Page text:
In the 56 years since Emmanuel was first planted as a church community, technology and commerce has sped up our lives exponentially. For example, as soon as we think of the perfect present for someone on our list, we can grab our phones, look it up on Amazon, purchase with one click and Santa’s Elves will deliver it within 24 hours–all without leaving our chair. We can send our Christmas letters out by email instantaneously and share our Christmas morning photos with all our friends before the last present is opened. Long processes that we used to live with, like photo developing and snail mail delivery, have been conveniently erased from many of the tasks we undertake. This isn’t necessarily a bad thing, but it does have consequences. One of those consequences is that we are less experienced with anticipation and patient waiting than we once were.
Well, anticipation and patient waiting are what Advent is all about. Christ didn’t just show up on Christmas morning instantaneously as soon as the people had need of him. No, God’s people waited for generations for Emmanuel to come and ransom them from sin and death. Now we are called upon to wait as well. God knows that this is a challenge for us in the world we inhabit. And it’s not just a challenge because we are used to getting what we want as soon as we realize we want it. It’s also a challenge because we have forgotten why we should wait in the first place. What is the benefit of waiting? If there is any season in the church calendar we have lost touch with, it is the long, slow, season of Advent.
For me, the value of waiting becomes evident as soon as I give up the idea that I will get what I want as soon as I want it. When I realize that I have to wait for what I want, the power of wanting and its hold on me is loosened somewhat. When this happens, the scales fall from my eyes and I see that getting what I want often keeps me from receiving what I need. As we have been hearing in Mark’s Gospel over the past few weeks, the disciples thought they wanted the Messiah to be a warrior who would conquer Israel’ senemies by force. Had they gotten what they wanted you can just imagine all that they (and we) would have been denied?
Interim ministry is also a time of patient waiting and anticipation. It is like the Advent season in the life a church. So often, when a pastor leaves or retires there is a rush of anxiety that pushes a congregation to move quickly through the interim period, or to skip it all together. The collective assumption becomes “we know what we want…so why wait to get it?” You, as the members of this church, may indeed know exactly what you want for the church. But do you know what the church needs? I think, at this moment, only God knows what Emmanuel needs.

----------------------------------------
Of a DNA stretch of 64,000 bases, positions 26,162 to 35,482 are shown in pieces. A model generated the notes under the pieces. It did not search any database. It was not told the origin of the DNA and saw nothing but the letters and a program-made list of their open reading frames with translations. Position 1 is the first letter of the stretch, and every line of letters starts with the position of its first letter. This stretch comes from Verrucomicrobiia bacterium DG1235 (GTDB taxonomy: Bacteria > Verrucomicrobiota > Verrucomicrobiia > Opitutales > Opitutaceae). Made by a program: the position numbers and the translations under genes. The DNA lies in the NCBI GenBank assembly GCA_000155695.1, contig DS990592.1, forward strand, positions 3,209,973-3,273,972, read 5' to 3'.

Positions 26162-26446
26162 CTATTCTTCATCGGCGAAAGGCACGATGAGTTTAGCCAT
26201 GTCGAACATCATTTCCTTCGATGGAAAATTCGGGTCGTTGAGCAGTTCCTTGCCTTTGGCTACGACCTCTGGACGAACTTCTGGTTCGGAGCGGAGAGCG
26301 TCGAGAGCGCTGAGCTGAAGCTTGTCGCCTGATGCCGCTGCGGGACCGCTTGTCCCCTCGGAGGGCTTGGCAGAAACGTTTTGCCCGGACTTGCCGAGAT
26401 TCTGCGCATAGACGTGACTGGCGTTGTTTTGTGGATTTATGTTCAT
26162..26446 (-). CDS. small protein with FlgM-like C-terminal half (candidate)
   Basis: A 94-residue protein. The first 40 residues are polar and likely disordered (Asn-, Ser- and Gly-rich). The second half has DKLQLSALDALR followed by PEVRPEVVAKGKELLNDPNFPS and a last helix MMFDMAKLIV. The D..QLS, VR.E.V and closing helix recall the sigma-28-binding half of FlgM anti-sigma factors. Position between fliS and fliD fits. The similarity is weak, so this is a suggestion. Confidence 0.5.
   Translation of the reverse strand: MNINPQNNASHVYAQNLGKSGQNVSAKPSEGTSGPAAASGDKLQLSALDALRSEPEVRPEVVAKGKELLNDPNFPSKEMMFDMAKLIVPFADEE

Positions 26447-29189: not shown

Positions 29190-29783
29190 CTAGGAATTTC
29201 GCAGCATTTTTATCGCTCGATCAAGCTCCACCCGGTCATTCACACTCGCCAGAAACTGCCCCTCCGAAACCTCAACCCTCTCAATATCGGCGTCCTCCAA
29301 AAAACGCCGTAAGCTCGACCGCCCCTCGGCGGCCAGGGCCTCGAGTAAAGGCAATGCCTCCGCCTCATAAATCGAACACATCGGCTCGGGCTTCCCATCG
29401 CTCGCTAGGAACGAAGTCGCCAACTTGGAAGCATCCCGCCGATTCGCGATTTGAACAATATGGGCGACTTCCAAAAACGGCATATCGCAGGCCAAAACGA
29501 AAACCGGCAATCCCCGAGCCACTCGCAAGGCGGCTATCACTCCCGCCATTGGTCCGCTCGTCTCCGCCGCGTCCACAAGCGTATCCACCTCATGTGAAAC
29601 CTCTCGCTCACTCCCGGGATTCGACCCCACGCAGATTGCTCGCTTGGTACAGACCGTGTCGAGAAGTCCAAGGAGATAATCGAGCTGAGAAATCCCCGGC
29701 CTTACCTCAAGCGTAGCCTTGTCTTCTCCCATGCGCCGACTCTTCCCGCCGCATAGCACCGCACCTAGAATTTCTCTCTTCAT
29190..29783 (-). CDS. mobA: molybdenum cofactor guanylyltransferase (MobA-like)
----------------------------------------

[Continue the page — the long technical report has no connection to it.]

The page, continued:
How wonderful that we have this time for God to reveal it to us!
Please join us for the following events taking place this week at Emmanuel:
THANKSGIVING EVE SERVICE We will begin our Thanksgiving celebration on Wednesday evening, November 21, at 7:00PM when we join our friends from Crosswinds Presbyterian Church in the EPC sanctuary. The service will include the celebration of Holy Communion and music from a combined EPC/CPC choirs. Please plan to join us for this special service and for refreshments afterward in the East Room.
THANKSGIVING DINNER Please join Church Life for a Thanksgiving meal. We will get together on Thursday, November 22 at 2PM. We will enjoy games, puzzles, and fellowship after we eat dinner. We encourage you to bring your dish as well as your favorite game and/or puzzle. If you have any questions, please feel free to contact Melodi Bintz.
CONGREGATIONAL MEETING There will be a meeting of the congregation at the close of worship on November 25 for the purpose of electing additional deacons.
It is my great pleasure to join you in your ministry here at Emmanuel. I am so excited about the work, the fellowship and the worship that will unite us during this interim period.
In preparation for October 1st (my start date at EPC), I have been thinking about beginnings in the Bible (there are a lot of them). The beginning that is most vivid to me at this moment is the gathering of the apostles in Jerusalem on the day of Pentecost (Acts 2). What an exciting moment it must have been when the Holy Spirit lit upon them, filling them with wind and freeing their tongues to speak the truth of the Gospel. Ah, with that kind of confirmation, you would think they would never doubt their calling or who was guiding them and to what end.